A system controller 170 is coupled to a variety of different systems to control a fabrication process in the chamber. The controller 170 may include a temperature controller 175 to execute temperature control algorithms (e.g., temperature feedback control) and may be either software or hardware or a combination of both software and hardware. The temperature controller receives temperature information from a thermal sensor 143 in the chuck and then adjusts the heaters and heat exchangers accordingly. While only one thermal sensor is shown, there may be many more in many different locations, depending on the particular implementation. The system controller 170 also includes a central processing unit 172, memory 173 and input/output interface 174. The temperature controller 175 is to output control signals or drive current 128 to the heaters affecting the rate of heating and therefore the rate of heat transfer between each heater zone of the chuck assembly 142 and the workpiece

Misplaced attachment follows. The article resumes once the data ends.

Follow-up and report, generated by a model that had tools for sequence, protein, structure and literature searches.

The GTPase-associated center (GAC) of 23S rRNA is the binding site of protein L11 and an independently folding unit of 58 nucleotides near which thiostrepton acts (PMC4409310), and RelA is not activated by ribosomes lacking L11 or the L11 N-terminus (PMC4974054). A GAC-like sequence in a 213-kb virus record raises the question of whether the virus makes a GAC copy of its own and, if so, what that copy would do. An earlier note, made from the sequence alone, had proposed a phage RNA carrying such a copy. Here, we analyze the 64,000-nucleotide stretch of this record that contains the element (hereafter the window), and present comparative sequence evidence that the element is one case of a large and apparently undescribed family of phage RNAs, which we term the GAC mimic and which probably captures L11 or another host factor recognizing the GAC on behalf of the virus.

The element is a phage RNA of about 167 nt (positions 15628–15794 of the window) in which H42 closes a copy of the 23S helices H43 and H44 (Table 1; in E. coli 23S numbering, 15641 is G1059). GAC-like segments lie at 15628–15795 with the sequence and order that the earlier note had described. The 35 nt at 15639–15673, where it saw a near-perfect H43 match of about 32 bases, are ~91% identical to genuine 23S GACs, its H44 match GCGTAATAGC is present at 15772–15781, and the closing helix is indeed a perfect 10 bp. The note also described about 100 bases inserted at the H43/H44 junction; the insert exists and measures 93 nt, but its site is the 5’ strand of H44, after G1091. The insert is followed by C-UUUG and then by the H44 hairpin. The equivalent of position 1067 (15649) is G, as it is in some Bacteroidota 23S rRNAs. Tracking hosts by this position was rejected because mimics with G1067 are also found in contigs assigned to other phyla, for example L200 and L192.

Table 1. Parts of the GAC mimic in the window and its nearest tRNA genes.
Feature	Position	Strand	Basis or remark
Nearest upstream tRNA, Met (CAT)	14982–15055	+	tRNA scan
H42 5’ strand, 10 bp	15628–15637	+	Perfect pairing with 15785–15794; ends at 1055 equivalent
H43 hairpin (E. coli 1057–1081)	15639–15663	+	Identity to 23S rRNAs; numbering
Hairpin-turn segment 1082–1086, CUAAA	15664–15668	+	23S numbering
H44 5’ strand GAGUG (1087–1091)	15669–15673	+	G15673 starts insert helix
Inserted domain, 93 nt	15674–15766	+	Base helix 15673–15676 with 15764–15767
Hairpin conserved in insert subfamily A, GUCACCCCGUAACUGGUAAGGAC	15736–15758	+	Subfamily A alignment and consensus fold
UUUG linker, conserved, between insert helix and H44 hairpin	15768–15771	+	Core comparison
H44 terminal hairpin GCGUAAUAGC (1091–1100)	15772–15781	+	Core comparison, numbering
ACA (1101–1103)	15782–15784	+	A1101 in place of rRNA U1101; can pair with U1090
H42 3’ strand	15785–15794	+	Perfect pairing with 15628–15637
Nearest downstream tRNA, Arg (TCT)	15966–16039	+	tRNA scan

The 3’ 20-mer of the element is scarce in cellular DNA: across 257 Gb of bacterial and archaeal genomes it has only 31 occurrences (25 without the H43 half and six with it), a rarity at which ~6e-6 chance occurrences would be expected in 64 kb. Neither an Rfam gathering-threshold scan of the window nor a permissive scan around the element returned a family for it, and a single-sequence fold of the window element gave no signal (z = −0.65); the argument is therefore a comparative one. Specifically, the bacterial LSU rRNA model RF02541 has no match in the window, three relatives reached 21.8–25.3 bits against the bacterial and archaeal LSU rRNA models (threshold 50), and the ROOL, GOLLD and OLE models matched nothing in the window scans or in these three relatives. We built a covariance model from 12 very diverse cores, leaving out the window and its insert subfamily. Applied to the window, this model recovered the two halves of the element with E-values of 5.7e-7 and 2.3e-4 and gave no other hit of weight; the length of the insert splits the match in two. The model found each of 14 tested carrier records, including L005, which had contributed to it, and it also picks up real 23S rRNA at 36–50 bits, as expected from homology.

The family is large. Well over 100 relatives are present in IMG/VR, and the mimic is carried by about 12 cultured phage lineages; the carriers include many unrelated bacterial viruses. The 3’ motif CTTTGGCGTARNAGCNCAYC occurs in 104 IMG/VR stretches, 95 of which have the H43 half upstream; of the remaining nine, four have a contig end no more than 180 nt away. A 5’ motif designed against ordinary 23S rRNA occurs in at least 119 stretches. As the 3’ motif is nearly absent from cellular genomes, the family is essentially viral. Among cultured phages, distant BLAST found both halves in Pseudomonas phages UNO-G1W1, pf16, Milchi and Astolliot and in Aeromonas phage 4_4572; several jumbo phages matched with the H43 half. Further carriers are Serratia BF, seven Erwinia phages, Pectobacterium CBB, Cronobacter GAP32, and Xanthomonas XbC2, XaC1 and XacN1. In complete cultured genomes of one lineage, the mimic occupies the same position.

In embodiments, in addition to the heaters, there may be one or more coolant temperature zones. The coolant zones have heat transfer fluid loops with flow control that is controlled based on a temperature feedback loop. In the example embodiment, the temperature controller 175 is coupled through a control line 176 to a heat exchanger (HTX)/chiller 177 depending on the particular implementation. The control line may be used to allow the temperature controller to set a temperature, flow rate, and other parameters of the heat exchanger. The flow rate of the heat transfer fluid or coolant through conduits in the chuck assembly 142 may alternatively or additionally be controlled by the heat exchanger.
One or more valves 185 (or other flow control devices) between the heat exchanger/chiller 177 and fluid conduits in the chuck assembly 142 may be controlled by the temperature controller 175 to independently control a rate of flow of the heat transfer fluid. The temperature controller may also control the temperature set point used by the heat exchanger to cool the heat transfer fluid.